New optogenetics method minimizes thermal harm to neurons | Spectrum
Two proteins: Equipping cortical neurons with a calcium sensor (red) and an opsin protein (green) enables researchers to study neural circuits in mice.
A newly engineered protein for optogenetic experiments requires less light than traditional techniques to excite or inactivate neurons, thereby reducing thermal damage to brain tissue.
The protein, described in eLife in May, improves on a method called two-photon optogenetics, which allows researchers to study neural circuits by stimulating them while monitoring their activity, including in live mice. It could help researchers map the neural circuits that connect different regions of the brain associated with autism, such as the amygdala, prefrontal cortex, and cerebellum.
To apply two-photon optogenetics, scientists first develop cells in an animal’s brain to express two proteins: an opsin, which activates or silences neurons in response to pulses of blue light, and a calcium sensor, which fluoresces red light when it binds to calcium ions; These ions flow into a neuron just before it fires. Researchers can then use two separate lasers to stimulate a programmed series of individual neurons and then monitor their levels of activity. In contrast, traditional optogenetics relies on LED lights to turn on thousands of neurons at once.
“By stimulating individual neurons, we can begin to ask questions about information coding in the brain in ways that wide-field single-photon optogenetics cannot,” says Ofer Yizhar, professor of neurobiology at the Weizmann Institute of Science, Israel. who developed the novel protein.
Previous proteins that have been used in two-photon optogenetics often have a spectral overlap, which means that the red laser can inadvertently activate the light-sensitive opsins. And some of the opsin proteins present a further challenge: To activate them, they need strong light pulses that can heat up and damage brain tissue.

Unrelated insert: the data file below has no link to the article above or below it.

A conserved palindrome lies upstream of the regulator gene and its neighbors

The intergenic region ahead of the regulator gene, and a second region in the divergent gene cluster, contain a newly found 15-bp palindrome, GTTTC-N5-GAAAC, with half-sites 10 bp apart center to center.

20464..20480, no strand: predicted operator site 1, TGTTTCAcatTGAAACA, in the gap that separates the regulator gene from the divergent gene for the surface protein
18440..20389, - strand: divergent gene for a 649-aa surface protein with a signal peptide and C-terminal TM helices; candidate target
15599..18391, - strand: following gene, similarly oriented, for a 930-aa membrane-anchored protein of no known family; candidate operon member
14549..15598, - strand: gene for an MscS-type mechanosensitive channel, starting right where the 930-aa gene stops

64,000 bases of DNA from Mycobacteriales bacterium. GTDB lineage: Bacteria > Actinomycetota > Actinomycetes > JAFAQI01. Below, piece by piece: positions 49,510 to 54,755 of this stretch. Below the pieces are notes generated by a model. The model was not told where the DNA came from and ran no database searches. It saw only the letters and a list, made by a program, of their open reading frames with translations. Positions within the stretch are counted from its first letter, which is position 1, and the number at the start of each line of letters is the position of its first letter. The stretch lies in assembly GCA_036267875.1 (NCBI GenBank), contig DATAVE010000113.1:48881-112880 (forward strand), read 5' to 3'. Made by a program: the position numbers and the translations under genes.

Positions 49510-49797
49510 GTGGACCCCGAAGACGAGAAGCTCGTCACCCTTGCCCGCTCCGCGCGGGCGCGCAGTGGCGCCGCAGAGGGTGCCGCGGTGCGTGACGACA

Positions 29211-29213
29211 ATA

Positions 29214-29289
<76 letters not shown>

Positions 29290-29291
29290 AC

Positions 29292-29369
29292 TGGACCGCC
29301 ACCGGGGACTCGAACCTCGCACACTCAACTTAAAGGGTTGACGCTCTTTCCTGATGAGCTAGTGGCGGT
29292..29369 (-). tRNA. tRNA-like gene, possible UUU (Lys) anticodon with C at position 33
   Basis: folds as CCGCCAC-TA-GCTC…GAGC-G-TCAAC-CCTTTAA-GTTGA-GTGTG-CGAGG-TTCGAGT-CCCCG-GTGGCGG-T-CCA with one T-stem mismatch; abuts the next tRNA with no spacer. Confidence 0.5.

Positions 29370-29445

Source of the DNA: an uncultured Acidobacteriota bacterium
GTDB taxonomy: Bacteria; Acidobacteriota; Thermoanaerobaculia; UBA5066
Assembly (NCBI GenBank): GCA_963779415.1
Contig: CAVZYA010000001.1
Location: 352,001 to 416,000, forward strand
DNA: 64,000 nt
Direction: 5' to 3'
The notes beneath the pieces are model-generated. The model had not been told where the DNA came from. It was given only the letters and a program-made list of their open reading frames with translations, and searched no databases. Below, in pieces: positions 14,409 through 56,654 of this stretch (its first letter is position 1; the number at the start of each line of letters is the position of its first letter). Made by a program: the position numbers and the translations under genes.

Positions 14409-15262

Yizhar and colleagues made a modified version of an existing opsin protein by attaching a short peptide sequence that attached it to the soma or cell body of neurons and a fluorescent tag that helps the team visualize engineered cells. The original protein, CoChR, is expressed in the dendrites and axons of a neuron, making it difficult to spot and target. They call the new protein stCoChR or “soma-targeted channel rhodopsin”.
The team constructed mice to express stCoChR in pyramidal neurons in the cerebral cortex, with or without an existing calcium sensor called jRCaMP1a.
The researchers also developed and tested a laser system that can deliver more energy to neurons per pulse than typical lasers, but with a lower repetition rate. They found that the energy required to stimulate neurons fell well below the threshold that damages brain tissue. The engineered opsin could also be stimulated more efficiently than previous versions and had no spectral overlap with the calcium sensor.
“Now that we have this very sensitive duct rhodopsin, we can reduce the light output,” says Yizhar. “That means we can split the laser into multiple beamlets and now we have 100 times more beamlets to stimulate 100 times more neurons, which gives us much more flexibility to create pretty much any pattern we stimulate want. ”
The technology has some limitations: calcium sensors are an indirect measure of neural activity, so the laser cannot detect every action potential. Yizhar hopes to use voltage indicators in future experiments – proteins that directly sense electrical charges in neurons.
With the improved opsin protein, he and his colleagues also want to analyze the neural circuits that underlie learning and autism.
“We’re interested in the prefrontal cortex and autism models of neural connectivity,” says Yizhar. “The kind of questions we are interested in are how the prefrontal network is wired, how it changes in the learning process and also how it changes due to autism-related mutations.”
Quote this article: https://doi.org/10.53053/IGVE9122